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NR 501 Week 1 Assignment
For many students enrolled in NR501, this is an initial course for nursing theory. So, let’s have a debate!!! Is nursing theory important to the nursing profession? If you believe that it is important, explain why it is useful. If you do not believe that it is useful, explain why nursing theory is not necessary to the profession? Be sure to provide an example that demonstrates your opinion and a scholarly reference (not using the required textbook or lesson) which supports your opinion.
I do believe that theory in nursing is very important. Theory has been a part of nursing since the time Florence Nightingale began to change and develop procedures and explanations as to why nurses do what they do. A theory is defined as “a coherent group of tested general propositions, commonly regarded as correct, that can be used as principles of explanation and prediction for a class of phenomena” (Theory [Def. 1], n.d.) Theory in nursing has been an ever-evolving topic. Expanding on reasoning for what we do, why we do stuff, and what affects we do have on our patients.
Peplau was a theorist who developed the theory of interpersonal relationships. Explaining the interactions with the patient as it evolves into a more therapeutic relationship. The nurse and patient start off as strangers in the orientation phase and progress to the exploitation phase where the nurse and patient interact and finally the resolution phase when the care has been provided and the relationship at that time is terminated. This theory is a foundation of each interaction we have with our patients starting the moment that we get our assignment. Peplau “enabled the nurse to begin to move away from the disease model orientation to one where the psychological meaning of events, feelings and behaviors could be explored and incorporated into nursing interventions” (Adams, 2017).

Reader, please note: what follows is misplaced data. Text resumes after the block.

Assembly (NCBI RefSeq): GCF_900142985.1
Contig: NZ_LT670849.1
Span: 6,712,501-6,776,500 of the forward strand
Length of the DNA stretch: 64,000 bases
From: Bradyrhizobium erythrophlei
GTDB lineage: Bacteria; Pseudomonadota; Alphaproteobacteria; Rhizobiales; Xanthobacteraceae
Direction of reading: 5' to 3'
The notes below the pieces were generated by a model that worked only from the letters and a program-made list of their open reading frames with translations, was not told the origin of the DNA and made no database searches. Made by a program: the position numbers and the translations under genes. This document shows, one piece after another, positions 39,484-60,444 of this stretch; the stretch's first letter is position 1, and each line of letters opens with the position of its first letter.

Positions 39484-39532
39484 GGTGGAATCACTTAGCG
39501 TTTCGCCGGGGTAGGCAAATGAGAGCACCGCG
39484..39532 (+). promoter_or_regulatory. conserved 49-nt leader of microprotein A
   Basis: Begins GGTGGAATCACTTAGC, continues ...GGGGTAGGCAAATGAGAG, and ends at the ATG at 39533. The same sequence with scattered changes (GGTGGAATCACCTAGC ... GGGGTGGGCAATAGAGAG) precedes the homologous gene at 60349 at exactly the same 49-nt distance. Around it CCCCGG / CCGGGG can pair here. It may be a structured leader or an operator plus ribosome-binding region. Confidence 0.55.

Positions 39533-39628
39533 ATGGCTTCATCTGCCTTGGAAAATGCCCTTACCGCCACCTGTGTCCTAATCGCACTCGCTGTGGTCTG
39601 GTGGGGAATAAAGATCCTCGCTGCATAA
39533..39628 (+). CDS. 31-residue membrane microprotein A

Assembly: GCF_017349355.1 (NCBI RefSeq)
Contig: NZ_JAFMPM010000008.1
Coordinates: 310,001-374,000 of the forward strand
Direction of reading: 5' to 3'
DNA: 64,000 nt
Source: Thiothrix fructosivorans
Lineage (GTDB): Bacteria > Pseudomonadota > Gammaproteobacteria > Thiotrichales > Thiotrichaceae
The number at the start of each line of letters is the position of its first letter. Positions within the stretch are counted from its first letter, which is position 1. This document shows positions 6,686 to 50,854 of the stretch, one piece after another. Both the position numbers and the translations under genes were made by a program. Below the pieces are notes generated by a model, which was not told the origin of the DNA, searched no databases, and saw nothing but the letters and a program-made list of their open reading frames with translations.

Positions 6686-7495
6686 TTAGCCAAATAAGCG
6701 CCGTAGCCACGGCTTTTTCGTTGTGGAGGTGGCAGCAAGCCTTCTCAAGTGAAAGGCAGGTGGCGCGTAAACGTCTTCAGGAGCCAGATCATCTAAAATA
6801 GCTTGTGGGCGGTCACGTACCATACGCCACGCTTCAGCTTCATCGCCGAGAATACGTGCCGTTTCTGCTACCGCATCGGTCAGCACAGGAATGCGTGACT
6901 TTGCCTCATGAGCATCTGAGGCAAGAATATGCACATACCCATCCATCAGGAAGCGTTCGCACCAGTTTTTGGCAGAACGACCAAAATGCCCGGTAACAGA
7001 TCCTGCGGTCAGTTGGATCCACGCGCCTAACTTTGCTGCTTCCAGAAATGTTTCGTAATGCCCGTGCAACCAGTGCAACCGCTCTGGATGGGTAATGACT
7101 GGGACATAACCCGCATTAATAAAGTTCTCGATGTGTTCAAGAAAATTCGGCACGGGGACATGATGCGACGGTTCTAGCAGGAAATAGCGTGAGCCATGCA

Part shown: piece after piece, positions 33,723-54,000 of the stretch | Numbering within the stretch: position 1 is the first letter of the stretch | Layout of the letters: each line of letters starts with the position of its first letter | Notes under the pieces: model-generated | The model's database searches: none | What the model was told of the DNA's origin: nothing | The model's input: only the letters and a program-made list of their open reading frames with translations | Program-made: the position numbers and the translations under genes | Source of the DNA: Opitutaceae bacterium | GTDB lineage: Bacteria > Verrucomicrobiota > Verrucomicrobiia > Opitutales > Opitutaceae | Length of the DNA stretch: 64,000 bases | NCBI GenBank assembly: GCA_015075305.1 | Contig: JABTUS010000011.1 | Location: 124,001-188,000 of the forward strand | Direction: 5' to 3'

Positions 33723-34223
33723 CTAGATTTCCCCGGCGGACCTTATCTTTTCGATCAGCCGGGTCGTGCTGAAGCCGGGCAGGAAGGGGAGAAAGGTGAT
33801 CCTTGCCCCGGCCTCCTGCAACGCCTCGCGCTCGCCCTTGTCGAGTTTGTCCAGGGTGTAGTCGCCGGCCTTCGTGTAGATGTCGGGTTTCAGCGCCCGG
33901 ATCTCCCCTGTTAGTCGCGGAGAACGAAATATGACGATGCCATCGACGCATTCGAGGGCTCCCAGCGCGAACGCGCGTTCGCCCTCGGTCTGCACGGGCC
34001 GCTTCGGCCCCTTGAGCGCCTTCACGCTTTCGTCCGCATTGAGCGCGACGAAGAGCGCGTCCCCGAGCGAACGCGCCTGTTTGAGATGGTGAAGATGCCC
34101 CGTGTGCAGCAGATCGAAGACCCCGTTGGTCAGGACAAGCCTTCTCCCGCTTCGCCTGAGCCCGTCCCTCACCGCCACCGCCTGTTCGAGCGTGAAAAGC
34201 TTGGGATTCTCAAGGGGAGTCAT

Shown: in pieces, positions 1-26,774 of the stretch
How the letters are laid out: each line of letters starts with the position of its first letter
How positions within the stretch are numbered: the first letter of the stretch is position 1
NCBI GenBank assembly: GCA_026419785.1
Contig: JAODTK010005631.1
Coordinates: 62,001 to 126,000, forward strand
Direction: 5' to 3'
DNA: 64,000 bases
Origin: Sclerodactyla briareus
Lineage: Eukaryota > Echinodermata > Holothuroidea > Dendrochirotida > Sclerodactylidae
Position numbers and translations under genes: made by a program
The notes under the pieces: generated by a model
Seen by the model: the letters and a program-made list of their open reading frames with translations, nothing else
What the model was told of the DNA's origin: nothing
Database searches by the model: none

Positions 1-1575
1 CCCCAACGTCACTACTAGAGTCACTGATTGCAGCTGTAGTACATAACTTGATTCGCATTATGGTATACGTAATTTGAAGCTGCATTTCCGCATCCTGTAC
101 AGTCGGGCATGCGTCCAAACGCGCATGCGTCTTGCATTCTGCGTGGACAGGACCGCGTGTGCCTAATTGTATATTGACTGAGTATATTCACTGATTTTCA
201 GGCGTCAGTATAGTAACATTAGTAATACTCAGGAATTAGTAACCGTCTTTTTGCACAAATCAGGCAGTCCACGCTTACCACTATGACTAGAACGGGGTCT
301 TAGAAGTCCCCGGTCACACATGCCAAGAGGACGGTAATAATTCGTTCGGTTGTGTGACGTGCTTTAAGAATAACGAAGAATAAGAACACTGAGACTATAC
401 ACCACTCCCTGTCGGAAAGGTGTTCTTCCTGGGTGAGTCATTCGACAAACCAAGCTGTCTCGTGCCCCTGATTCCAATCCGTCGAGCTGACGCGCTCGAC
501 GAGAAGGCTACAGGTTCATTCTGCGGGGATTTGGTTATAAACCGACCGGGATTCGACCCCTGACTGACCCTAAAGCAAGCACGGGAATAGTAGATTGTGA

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As nurses at the bedside we don’t often think too much about how we are using every day. As explained above the most common theory that has been developed and explained is the foundation to how we interact during the day. There are countless numbers of theories out there that we function based on, but don’t always know it. As identified by Sheri Jacobson, the best way to help nurses make the connection between theory and practice is by helping nurses make the connection using real example of practice (2017). An example she gave was of a nurse who is providing teaching for a patient on how to care for themselves when they leave (i.e. dressing changes, medication administration, exercises, etc.). Without theory in our practice we would have no foundation to go from to guide our practice and care methods.
Adams, L. (2017). Peplau’s Contributions to Psychiatric and Nursing Knowledge. Retrieved December 27, 2017, from http://jmhan.org/index.php/JMHAN/article/view/3
Jacobson, S. (2017). Building Bridges from Theory to Practice: Nursing Theory for Clinical Nurses. Med-Surg Matters, 26(3), 1-15.
Theory [Def. 1]. (n.d.). Dictionary.com. Retrieved December 26,2017, from http://www.dictionary.com/browse/theory. o
The suggestion by Jacobson was taken seriously by those who developed this course. We will rely heavily on professional experiences to make the connections to practice.